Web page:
Specifically, regarding European development, one of the main goals is to support the use of health data for better health care delivery and better research. The comprehensive and timely availability of EHR data is known to improve the quality of care and patient safety [26,38]. Concurrently, the lack of not only technical or organizational but also semantic interoperability has been recognized as one of the barriers for the cross-border exchange of health data [2-8]. Therefore, commonly recognized interoperability approaches and standards for the harmonization of semantic interoperability are needed.


Our goal was to ensure that we did not overlook any important studies and to minimize any potential biases by conducting a thorough and comprehensive search of the available literature. However, it is worth noting that our search was limited to a single database, PubMed. Nevertheless, recent literature suggests that PubMed can serve as a primary search tool. It possesses the necessary capabilities for systematic reviews, including the ability to formulate and interpret queries accurately, as well as ensuring search reproducibility. It is important to acknowledge that even a well-performing system such as PubMed might not always yield the desired results in different scenarios [23]. Our data set was limited by a small sample size of 14 articles. Therefore, findings can only be regarded as descriptive in nature. Relatively large heterogeneity in study environments and selected research approaches limit us from drawing strong conclusions. Despite these limitations, this review demonstrates potentially feasible approaches for promoting semantic interoperability toward harmonized approaches. Additional real-world studies accounting for semantic interoperability are needed to reinforce understanding of the most promising, scalable examples such as international reference models (eg, HL7 RIM). Moreover, it was challenging to determine the “development status” category for certain studies. This was due to varying levels of details in the study reports, where some of the studies provided a wealth of detail, whereas some were more restricted in their scope.

Suggestions for Future Research

Future research directions are 2-fold from the current development perspective. First, evidence-based recommendations on semantic interoperability features, for example, data models and terminologies, are needed. Initially, the applicability of international data models and standards such as HL7 V2 might be evaluated. Second, more experiences of interoperability development should be reported in the peer-reviewed research literature to contribute evidence around successful and not so successful experiences instead of leaning solely on individual expert opinions. Presumably, due to the evolving implementation status of semantic interoperability cases illustrated in the research literature, systematic research–based evaluation of benefits and outcomes is still scarce.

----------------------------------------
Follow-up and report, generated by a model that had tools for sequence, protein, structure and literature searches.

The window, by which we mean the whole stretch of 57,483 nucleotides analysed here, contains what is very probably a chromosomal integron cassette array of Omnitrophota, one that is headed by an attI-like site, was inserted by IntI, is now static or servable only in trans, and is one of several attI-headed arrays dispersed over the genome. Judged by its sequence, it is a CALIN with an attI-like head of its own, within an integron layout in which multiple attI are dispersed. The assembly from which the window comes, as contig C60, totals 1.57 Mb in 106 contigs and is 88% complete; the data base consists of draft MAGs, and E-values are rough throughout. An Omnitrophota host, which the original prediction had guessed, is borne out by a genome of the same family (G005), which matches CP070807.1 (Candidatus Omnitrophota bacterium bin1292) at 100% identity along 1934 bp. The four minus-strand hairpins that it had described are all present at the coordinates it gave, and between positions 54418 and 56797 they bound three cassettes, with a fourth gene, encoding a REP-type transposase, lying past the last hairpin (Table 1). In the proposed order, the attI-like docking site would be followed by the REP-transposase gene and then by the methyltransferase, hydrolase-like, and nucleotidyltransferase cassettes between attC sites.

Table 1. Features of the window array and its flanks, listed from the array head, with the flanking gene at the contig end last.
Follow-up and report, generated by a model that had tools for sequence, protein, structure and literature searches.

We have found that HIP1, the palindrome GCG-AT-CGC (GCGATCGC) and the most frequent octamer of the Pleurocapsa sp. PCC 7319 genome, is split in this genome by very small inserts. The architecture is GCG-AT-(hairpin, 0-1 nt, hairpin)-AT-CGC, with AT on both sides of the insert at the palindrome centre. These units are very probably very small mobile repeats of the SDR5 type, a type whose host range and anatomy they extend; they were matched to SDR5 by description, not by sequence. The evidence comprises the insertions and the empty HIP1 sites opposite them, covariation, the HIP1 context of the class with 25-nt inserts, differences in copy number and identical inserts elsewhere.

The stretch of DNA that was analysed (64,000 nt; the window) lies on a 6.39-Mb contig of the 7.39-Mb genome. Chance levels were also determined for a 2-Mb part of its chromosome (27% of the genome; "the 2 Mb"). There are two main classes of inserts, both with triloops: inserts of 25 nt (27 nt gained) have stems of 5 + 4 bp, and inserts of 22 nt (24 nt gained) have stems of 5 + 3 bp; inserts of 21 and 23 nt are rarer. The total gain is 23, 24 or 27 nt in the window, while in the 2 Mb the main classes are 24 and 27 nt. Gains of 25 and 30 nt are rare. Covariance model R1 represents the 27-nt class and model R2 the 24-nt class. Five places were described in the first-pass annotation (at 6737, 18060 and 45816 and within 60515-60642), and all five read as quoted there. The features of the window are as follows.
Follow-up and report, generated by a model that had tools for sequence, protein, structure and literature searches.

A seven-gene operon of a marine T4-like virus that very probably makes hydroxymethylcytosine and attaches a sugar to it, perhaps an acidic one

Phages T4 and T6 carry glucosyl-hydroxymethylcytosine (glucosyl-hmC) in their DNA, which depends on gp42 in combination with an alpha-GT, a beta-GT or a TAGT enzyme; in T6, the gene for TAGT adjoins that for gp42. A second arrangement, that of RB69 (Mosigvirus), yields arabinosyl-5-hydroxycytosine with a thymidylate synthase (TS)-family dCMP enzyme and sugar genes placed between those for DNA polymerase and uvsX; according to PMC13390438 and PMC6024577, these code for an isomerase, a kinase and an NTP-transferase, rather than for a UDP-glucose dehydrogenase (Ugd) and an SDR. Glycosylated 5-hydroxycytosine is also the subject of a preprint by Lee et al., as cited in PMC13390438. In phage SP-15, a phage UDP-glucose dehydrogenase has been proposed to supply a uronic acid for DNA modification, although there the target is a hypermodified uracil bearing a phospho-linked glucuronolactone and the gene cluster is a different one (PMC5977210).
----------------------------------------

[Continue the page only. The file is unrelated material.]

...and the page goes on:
We conclude that based on our review, the research literature highlights valuable aspects in promoting semantic interoperability in terms of the efficiency and feasibility of solutions integrated in EHRs and possibly for enhancing care. However, when heading toward semantic harmonization, more data, pilot experiences, and analyses are needed to assess how applicable the chosen specific solutions are for the standardization and semantic interoperability of patient data. Instead of promoting a single approach, semantic interoperability could be assessed through several levels of semantic approaches. A dual model or multimodel approach is usable to address different semantic interoperability issues during development—from the clinician as an EHR user to the system transaction level. Since interoperability is being implemented in complex and disconnected clinical care environments, choices should be well prepared and justified to meet sustainable and long-term outcomes. From that point of view, it is possible to outline future directions in selecting semantic interoperability approaches for the realization of the international patient data–related goals.


The study was supported by Finnish governmental study grant TYH2021319.

Conflicts of Interest

None declared.

Multimedia Appendix 1

Summary of study and sample characteristics.

DOCX File, 25 KB

Multimedia Appendix 2

Summary of results on semantic interoperability in electronic health records.

DOCX File, 27 KB

Checklist 1

PRISMA (Preferred Reporting Items for Systematic Reviews and Meta-Analyses) checklist.

PDF File, 439 KB

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EHDS: European Health Data Space
EHR: electronic health record
EIF: European Interoperability Framework
FHIR: Fast Health Interoperability Resources
HL7: Health Level 7
RIM: reference information model
WHO: World Health Organization

Edited by Christian Lovis; submitted 10.10.23; peer-reviewed by Hannes Ulrich, Xiaoshuo Huang; final revised version received 21.02.24; accepted 24.02.24; published 25.04.24.


© Sari Palojoki, Lasse Lehtonen, Riikka Vuokko. Originally published in JMIR Medical Informatics (, 25.4.2024.